By Edwin B. Henderson, II & Irene Chambers
The Tinner Hill Heritage Foundation and the Social Justice Committee of Falls Church and Vicinity will hold its 3rd annual Martin Luther King Day March on Jan. 21 in the City of Falls Church, Virginia. The march will be followed by a program at the historic Falls Church Episcopal Church at 166 E. Broad Street in Falls Church.
The march will begin at the Tinner Hill civil rights monument at the corner of Lee Highway and Tinner Hill Road. The march will proceed due east along Lee Highway (officially S. Washington St. in Falls Church City) and go approximately three-and-a-half blocks to the Falls Church Episcopal on E. Fairfax Street.
The march will take place along Lee Highway, a highway made by taking — through eminent domain — land belonging to African Americans and named for the Commander of the Confederate Army, General Robert E. Lee. We wish to honor the memory of Dr. Martin Luther King, Jr. on the national holiday in his honor, but the marchers will not be allowed to walk on the highway honoring Robert E. Lee. Instead, marchers will be allowed to walk along this route on the northern side of the sidewalk for the three blocks to the Falls Church Episcopal. Students from the George Mason High School’s Black Student Alliance will make and display signs to remember those African American families whose land was taken by eminent domain so that we may honor them, as well.
The Social Justice Committee of Falls Church and Vicinity hosts the program following the march. Marchers will be greeted with light refreshments at the church entry on East Fairfax Street. The program will begin at 1:30 p.m. in The Falls Church Episcopal main sanctuary. There will be songs, speeches, a special children’s presentation, tributes and a peace circle. Congressman Don Beyer will attend and make brief remarks. Other presenters include the Rev. Greg Loewer, Colombia Baptist Church; Rabbi Jeffrey Saxe, Temple Rodef Shalom; Dr. Randall Robinson, Baha’is of Falls Church as well as local clergy and members of other faith and community groups.
The Tinner Hill area in Falls Church has been recognized as the location where the first rural branch of the National Association for the Advancement of Colored People (NAACP) in the United States was initiated. In 1915, The Falls Church town council proposed an ordinance that would have forced many African American property owners to sell their property to whites and move to a section of town designated “For Colored Only.” This was unacceptable to the African American community.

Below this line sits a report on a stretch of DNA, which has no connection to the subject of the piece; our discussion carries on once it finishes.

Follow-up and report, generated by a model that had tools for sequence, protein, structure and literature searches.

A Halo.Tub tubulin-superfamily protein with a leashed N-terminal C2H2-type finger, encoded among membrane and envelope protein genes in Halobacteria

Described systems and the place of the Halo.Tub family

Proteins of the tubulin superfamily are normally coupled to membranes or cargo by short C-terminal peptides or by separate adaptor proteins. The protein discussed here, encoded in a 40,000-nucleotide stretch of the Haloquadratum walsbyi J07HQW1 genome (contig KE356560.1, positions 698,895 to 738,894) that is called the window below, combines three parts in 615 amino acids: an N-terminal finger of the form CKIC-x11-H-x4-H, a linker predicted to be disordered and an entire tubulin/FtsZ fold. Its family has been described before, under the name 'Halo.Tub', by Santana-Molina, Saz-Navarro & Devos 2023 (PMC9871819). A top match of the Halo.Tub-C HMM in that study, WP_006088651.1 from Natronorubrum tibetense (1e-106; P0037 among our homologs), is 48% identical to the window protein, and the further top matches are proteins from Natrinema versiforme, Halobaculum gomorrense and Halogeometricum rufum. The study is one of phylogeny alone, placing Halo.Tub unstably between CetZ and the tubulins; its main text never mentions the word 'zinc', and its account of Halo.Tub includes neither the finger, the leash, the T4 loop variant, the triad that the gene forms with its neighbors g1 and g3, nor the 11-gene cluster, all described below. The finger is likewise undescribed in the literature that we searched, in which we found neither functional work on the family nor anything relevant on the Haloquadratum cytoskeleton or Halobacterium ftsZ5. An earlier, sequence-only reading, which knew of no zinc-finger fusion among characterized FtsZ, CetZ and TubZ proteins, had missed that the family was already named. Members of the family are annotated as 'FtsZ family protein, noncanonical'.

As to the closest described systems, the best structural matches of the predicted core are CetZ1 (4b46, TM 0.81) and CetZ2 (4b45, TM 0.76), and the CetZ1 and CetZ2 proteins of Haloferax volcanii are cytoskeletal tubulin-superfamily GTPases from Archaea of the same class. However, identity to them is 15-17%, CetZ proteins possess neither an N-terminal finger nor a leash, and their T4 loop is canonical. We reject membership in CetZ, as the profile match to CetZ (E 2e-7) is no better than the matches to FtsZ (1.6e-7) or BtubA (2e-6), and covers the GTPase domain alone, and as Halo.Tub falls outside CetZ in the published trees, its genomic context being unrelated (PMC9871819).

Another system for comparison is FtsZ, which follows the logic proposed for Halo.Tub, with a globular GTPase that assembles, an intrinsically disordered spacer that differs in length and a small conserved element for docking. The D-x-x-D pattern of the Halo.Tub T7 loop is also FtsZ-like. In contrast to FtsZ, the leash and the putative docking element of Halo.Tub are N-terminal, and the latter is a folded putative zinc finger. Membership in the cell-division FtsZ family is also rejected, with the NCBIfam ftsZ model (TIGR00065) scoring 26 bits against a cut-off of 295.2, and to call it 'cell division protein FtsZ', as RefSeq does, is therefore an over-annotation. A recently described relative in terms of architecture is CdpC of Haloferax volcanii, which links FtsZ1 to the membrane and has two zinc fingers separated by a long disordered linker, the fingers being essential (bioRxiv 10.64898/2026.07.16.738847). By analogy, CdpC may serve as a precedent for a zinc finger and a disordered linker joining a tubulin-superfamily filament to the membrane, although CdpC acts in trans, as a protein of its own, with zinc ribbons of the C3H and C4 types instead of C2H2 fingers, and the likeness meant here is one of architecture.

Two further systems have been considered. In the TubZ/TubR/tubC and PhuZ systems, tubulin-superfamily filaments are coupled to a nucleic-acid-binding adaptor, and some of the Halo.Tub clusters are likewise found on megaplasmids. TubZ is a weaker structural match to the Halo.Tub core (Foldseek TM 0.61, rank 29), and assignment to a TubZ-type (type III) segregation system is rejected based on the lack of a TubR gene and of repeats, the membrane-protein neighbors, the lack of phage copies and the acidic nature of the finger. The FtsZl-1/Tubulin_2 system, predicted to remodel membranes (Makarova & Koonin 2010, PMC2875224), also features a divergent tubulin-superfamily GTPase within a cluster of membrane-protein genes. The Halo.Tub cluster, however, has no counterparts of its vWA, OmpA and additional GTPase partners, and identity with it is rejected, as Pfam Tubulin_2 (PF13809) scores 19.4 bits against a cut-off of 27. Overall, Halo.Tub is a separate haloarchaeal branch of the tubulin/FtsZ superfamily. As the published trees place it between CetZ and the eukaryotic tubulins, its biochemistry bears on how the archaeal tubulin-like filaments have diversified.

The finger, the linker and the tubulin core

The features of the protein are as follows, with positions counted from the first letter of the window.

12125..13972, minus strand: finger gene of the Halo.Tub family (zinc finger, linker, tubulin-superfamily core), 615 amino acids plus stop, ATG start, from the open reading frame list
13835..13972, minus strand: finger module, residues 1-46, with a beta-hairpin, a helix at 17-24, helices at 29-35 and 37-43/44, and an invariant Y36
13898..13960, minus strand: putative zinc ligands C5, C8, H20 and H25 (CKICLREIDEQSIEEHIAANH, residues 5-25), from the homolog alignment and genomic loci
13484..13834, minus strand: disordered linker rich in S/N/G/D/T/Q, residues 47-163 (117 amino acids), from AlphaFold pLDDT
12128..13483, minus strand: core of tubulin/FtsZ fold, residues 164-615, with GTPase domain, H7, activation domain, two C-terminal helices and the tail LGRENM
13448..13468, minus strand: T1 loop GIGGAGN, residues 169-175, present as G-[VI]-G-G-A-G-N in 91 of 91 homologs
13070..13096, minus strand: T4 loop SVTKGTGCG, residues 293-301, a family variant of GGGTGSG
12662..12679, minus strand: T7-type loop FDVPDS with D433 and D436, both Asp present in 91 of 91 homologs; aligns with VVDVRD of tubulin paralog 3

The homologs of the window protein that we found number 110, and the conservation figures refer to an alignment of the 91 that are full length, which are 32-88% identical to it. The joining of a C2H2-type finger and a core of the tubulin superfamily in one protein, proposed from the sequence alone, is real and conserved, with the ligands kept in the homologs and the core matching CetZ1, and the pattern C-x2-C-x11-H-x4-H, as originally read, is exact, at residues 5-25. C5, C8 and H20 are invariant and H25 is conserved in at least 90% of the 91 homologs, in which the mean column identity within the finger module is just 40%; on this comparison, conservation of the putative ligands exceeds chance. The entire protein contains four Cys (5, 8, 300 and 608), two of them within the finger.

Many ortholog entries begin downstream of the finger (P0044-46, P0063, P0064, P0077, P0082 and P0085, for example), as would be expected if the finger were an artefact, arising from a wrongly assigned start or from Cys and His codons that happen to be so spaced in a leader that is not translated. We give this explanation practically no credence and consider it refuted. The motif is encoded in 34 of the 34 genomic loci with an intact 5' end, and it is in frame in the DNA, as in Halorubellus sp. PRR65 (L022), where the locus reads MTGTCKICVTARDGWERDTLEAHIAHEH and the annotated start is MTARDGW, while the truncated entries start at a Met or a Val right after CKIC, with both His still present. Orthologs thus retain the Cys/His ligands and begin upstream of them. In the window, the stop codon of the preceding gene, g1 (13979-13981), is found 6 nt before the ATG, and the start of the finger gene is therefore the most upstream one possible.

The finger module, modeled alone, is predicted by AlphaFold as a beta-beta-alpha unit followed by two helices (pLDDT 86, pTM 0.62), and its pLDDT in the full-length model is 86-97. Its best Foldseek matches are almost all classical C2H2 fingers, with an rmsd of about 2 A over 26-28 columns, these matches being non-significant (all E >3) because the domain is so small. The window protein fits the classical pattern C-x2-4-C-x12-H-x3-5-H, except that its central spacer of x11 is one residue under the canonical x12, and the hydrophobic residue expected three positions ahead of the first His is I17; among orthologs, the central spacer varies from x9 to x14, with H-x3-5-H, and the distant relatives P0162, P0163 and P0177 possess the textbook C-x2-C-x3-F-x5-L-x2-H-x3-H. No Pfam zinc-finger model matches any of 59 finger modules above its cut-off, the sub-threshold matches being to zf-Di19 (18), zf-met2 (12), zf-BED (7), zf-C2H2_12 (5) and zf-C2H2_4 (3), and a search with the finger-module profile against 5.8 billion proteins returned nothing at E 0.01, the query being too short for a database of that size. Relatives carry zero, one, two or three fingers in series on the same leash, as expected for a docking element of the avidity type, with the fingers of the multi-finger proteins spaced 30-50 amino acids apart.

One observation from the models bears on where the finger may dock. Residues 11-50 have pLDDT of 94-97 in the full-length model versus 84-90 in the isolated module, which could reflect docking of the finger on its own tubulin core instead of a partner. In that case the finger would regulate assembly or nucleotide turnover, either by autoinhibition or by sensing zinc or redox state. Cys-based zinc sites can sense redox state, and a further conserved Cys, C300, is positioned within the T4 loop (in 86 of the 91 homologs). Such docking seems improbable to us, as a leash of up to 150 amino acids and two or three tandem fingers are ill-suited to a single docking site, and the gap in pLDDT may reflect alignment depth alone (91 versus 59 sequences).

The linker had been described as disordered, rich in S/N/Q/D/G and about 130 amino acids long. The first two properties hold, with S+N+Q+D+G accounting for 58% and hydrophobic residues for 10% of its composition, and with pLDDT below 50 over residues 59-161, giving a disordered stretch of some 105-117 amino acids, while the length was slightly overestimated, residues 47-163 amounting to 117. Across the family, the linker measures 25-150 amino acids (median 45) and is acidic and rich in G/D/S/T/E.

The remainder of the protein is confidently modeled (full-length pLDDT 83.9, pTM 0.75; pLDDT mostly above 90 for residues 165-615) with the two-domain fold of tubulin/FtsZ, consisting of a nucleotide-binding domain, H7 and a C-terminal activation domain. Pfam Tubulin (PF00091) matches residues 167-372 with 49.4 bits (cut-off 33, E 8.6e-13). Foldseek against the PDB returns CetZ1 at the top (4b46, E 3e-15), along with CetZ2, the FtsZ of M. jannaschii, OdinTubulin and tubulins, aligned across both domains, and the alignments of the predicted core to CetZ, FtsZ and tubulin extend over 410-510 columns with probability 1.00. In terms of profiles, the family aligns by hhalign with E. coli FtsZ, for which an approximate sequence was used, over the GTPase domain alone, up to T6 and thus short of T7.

The community immediately mobilized and formed the Colored Citizens Protective League (CCPL), writing letters to each Council member, community churches and businesses asking where they stood on the proposed ordinance. The CCPL wrote a letter to W. E. B. DuBois of the NAACP, asking to form a branch of the newly founded organization whose main purpose was to stop these kinds of discriminatory actions, taking place all too often during the Jim Crow era. The Falls Church town council would not vote on the ordinance, but instead scheduled a referendum vote on the issue for citizens to decide the issue. After the ordinance’s passage, the CCPL challenged the decision in Fairfax County Circuit Court. The judge decided not to rule on the issue, because a case (Warley vs. Buchannan) was coming before the U.S. Supreme Court in the upcoming session. The ruling of the Supreme Court decreed that creating segregated districts within any municipality was unconstitutional, which made the ordinance in Falls Church unenforceable. This meant a victory for the Colored Citizens Protective League, as well.
In 1918, the NAACP changed their by-laws, which allowed smaller communities, like Falls Church and Fairfax County to form branches. The Colored Citizens Protective League received their charter in June 1918. 2018 was the 100th anniversary of the Fairfax County Branch of the NAACP.
The Tinner Hill Heritage Foundation is proud to champion the legacy of social justice and civil rights in Falls Church, by sharing the rich history of how ordinary citizens got involved in the struggle for equal rights throughout Northern Virginia. If you go to our website, www.tinnerhill.org and click on “Partnerships,” you will go to a page created through a National Trust for Historic Preservation, “Partnership in Scholarship” Grant which includes photos, documents, oral histories and interviews, and two-hundred-forty articles from The Washington Bee, which tells the story of how African Americans fought Jim Crow.
Please join us on Jan. 21 as we celebrate the legacy of Dr. Martin Luther King, Jr. and honor those Falls Church individuals who put their lives and livelihoods on the line to stand for justice and establish the first rural branch of the National Association for the Advancement of Colored People (NAACP) in the United States.
Ed Henderson is founder of the Tinner Hill Heritage Foundation and Irene Chambers is vice president of the foundation.